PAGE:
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Around the time of Snap’s initial public offering in early March, employees got a rare chance to ask CEO Evan Spiegel anything on their minds. Using a shared document, employees submitted questions to the company's 27-year-old leader.
The result revealed a common anxiety: About one dozen of the questions were a variation of whether employees should worry about the company's competitors, particularly Facebook and Instagram, which appeared to be crimping its rapid growth. Spiegel's responses were short, and the one-word answer "no" was all that was written next to some of the queries.
Five months later, the nervousness percolating within Snap has not gone away. Business Insider's Alex Heath has the inside story of what's going on inside the much-hyped social media company.
The first phase of Snap's post-initial-public-offering lock-up expired over the weekend meanwhile, making 400 million shares owned by early investors eligible for open-market trading on Monday. The stock dropped on heavy volume in early trading.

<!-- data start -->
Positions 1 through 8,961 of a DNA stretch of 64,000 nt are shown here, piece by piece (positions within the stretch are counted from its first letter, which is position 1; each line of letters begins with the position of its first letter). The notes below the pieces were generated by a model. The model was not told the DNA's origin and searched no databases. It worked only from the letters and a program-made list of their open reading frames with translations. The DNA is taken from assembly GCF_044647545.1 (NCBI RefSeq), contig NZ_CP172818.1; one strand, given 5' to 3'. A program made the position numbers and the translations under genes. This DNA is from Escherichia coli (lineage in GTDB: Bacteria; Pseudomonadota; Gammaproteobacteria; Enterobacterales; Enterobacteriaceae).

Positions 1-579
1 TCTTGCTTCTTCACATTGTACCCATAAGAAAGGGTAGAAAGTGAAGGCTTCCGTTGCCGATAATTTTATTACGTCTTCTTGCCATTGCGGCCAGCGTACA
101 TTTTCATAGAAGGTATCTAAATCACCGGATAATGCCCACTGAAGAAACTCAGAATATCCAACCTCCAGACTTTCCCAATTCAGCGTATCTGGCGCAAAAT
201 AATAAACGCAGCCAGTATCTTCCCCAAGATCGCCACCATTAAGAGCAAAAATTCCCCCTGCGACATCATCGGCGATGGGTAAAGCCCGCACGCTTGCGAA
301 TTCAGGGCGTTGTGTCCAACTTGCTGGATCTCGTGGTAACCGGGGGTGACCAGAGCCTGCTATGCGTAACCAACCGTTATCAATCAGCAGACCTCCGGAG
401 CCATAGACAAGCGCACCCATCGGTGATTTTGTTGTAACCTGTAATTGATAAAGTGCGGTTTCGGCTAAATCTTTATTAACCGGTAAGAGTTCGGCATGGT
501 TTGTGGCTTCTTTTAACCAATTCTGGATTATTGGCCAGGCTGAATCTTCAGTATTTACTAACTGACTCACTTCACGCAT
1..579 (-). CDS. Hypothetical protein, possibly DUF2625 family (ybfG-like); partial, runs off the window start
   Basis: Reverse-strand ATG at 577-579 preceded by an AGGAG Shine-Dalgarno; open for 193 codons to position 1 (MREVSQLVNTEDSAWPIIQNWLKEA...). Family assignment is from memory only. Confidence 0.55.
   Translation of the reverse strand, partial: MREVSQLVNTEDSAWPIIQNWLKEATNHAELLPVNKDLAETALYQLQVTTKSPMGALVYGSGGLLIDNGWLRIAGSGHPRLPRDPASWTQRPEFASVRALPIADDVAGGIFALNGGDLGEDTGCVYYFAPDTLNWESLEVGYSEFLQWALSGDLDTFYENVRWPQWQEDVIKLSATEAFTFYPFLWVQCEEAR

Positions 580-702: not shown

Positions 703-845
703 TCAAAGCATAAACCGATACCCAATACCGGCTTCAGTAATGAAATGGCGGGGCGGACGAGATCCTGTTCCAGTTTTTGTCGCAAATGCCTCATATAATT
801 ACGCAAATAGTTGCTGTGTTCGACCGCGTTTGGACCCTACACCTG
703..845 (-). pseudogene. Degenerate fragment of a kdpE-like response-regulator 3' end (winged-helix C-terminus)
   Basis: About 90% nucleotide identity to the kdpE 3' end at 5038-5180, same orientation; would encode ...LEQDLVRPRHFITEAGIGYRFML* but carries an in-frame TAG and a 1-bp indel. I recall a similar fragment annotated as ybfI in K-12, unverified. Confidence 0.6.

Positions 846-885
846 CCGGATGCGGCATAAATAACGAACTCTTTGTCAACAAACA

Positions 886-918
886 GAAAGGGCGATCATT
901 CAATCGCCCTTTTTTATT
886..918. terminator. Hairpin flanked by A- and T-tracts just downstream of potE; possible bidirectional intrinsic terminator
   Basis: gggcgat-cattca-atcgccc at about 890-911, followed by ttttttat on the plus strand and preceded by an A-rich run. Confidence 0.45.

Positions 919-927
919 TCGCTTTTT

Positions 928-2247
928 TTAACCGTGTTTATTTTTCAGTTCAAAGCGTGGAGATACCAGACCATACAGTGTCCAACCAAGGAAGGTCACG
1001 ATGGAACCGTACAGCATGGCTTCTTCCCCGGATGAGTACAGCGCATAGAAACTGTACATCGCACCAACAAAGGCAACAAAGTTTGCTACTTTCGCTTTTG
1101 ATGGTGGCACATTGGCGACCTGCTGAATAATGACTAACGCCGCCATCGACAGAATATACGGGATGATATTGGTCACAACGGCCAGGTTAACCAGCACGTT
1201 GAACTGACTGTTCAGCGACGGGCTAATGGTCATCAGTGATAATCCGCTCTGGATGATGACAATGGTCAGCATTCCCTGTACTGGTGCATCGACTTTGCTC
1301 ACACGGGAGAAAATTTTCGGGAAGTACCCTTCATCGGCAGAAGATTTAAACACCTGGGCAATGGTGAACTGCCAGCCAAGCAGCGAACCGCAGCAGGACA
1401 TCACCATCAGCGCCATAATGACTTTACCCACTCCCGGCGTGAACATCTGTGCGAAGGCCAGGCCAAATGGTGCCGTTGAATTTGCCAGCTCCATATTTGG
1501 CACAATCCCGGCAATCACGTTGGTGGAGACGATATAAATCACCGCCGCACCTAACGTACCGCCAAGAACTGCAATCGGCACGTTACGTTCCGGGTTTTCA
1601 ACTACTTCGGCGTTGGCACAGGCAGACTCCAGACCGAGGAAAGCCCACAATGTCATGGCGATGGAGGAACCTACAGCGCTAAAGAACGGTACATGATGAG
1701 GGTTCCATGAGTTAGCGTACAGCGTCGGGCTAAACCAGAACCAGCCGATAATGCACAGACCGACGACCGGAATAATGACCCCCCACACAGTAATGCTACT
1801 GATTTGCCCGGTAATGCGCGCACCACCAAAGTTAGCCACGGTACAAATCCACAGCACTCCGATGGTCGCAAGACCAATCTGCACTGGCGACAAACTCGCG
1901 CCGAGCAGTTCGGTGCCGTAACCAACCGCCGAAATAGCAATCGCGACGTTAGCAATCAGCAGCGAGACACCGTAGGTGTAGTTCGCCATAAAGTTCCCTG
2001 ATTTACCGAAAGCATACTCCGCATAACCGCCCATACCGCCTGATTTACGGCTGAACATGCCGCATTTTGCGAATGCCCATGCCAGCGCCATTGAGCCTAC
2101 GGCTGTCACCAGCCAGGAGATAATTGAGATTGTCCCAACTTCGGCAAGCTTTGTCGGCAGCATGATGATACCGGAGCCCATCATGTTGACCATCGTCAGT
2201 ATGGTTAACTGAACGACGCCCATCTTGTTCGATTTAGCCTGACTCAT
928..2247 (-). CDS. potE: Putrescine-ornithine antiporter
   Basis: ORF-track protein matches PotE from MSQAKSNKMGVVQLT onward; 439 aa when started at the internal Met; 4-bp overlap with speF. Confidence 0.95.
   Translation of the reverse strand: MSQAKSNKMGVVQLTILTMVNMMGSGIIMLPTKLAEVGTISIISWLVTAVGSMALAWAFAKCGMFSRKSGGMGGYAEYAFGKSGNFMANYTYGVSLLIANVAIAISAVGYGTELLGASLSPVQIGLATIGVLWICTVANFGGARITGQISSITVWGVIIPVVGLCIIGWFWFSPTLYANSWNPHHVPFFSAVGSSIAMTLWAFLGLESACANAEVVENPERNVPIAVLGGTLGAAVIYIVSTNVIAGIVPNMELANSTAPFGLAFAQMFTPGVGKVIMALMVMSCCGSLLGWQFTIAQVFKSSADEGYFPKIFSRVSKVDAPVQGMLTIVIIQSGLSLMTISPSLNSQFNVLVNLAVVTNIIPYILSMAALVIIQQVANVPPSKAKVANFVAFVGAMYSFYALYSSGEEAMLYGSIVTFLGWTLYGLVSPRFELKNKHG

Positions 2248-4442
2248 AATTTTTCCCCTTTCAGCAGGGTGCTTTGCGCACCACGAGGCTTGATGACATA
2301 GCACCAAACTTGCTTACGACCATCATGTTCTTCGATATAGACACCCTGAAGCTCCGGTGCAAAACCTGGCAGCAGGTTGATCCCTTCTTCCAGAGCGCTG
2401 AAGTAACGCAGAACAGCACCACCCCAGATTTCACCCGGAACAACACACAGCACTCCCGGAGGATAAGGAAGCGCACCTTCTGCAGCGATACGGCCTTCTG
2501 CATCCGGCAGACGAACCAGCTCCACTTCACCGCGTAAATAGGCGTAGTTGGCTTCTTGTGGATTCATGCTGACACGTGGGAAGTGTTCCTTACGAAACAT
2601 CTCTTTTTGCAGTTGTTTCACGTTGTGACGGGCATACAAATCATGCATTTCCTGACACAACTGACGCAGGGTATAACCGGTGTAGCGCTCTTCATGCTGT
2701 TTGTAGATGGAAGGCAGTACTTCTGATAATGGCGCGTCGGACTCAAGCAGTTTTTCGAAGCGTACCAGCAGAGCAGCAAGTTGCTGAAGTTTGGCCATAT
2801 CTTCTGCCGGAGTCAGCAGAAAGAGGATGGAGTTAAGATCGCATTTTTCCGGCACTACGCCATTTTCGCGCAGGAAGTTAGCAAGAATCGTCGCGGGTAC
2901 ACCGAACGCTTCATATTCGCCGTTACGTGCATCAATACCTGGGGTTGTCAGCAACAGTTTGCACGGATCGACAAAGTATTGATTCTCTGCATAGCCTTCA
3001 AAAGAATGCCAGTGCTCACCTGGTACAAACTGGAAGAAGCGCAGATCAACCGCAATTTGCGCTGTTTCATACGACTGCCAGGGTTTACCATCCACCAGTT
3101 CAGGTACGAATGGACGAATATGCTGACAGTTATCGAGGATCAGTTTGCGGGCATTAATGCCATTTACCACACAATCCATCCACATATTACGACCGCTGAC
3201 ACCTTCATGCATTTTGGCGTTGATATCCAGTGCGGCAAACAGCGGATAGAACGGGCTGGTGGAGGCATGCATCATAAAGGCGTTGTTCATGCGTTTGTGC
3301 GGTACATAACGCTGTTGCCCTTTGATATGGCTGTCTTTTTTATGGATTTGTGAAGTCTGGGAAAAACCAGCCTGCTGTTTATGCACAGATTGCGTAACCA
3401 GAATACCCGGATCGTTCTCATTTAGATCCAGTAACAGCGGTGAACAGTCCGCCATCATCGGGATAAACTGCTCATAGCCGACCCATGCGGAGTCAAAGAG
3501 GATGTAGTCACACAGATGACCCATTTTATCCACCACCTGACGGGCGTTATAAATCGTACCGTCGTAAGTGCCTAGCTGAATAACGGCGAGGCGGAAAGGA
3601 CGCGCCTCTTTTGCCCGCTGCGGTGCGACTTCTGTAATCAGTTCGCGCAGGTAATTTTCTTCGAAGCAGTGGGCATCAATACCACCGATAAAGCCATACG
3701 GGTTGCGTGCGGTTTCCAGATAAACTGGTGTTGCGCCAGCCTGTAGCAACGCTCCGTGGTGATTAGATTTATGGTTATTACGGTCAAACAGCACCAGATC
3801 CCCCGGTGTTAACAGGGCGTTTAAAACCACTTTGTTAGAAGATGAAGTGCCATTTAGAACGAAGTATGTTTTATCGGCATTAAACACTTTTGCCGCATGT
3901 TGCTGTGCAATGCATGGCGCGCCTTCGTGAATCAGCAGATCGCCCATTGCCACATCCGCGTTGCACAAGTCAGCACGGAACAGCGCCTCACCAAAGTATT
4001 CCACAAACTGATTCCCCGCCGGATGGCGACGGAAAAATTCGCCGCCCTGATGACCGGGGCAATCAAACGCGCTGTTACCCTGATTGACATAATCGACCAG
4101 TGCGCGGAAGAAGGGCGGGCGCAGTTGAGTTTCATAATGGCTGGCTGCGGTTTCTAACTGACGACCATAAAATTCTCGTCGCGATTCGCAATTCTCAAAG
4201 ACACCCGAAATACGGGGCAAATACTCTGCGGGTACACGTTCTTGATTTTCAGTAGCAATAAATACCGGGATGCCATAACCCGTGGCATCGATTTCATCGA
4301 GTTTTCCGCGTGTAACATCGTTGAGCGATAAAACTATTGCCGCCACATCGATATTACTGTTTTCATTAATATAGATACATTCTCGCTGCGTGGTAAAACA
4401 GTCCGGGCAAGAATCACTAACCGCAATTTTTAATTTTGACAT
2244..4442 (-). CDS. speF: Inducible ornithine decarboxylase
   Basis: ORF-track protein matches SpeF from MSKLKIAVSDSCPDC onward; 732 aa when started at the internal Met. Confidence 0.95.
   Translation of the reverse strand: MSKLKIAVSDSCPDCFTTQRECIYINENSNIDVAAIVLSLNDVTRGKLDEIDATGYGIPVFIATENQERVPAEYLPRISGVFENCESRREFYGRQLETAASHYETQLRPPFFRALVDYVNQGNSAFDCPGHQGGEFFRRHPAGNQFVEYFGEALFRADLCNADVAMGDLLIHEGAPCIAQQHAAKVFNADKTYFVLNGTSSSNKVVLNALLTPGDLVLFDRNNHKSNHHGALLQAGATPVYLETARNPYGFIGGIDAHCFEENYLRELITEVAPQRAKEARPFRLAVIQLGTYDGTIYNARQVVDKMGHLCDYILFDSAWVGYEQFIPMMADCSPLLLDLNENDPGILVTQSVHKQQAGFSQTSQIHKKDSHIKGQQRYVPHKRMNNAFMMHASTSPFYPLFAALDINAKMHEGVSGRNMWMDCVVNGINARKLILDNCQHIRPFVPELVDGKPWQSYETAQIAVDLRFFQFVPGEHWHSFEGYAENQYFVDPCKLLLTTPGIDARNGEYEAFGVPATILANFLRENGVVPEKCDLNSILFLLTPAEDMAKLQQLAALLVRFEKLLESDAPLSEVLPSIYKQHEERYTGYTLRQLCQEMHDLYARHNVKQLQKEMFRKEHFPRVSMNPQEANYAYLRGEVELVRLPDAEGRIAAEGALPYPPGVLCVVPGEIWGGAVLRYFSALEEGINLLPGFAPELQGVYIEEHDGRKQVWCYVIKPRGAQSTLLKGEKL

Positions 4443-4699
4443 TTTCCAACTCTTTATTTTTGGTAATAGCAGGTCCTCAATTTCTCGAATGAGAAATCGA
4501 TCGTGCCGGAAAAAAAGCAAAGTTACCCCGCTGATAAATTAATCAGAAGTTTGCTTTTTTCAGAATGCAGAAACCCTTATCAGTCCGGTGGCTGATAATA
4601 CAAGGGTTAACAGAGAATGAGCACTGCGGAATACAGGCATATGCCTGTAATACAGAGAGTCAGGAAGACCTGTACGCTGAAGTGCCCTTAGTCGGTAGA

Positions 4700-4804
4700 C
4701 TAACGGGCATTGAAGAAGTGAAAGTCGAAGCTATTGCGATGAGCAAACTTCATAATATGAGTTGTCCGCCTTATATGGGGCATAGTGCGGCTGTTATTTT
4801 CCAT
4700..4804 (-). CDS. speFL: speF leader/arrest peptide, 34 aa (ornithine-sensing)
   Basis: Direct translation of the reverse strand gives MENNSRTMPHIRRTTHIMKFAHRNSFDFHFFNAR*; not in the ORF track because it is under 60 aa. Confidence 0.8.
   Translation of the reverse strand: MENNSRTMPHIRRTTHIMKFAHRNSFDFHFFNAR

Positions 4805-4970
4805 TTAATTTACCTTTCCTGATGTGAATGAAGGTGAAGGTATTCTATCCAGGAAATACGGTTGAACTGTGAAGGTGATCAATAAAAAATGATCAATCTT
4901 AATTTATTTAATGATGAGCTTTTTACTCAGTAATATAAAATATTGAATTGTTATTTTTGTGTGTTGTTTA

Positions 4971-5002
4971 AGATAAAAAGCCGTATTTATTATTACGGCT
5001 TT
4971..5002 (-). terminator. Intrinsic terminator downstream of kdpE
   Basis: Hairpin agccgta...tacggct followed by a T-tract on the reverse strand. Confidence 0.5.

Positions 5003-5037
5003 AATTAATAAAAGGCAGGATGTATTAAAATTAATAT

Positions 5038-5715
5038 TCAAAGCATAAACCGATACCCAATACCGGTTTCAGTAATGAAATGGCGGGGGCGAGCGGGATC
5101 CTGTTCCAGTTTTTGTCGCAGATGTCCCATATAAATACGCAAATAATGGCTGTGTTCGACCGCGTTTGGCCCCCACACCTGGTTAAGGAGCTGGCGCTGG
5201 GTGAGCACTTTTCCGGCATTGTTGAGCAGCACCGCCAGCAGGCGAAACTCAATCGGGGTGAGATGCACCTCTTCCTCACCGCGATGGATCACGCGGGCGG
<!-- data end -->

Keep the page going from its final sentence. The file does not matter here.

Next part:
In other news, to a growing chorus of strategists and investors across Wall Street, the stock market looks like it's headed for a rude awakening, according to Business Insider's Joe Ciolli. In related news, a key short-term boost for stocks has vanished for the first time in 17 years. And traders love the companies that spend the least on employee pay.
In bank news, profits are up at HSBC so the bank is buying $2 billion of its own shares.
In deal news, Discovery Communications is acquiring Scripps Networks Interactive for $14.6 billion in a deal that is expected to boost the combined company's negotiating leverage with pay TV operators at a time when more people watch video online. Several Wall Street banks are set to split a $100 million payday from the deal.
Elsewhere in deal news, US cable operator Charter Communications said it's not interested in buying Sprint. And a lab-testing company just inked a billion-dollar deal for a healthcare company you've never heard of.
In tech news, here are six things to watch out for in Apple's earnings this week.
Lastly, a brand-new restaurant just opened in New York's most famous dining room — here's what it looks like inside.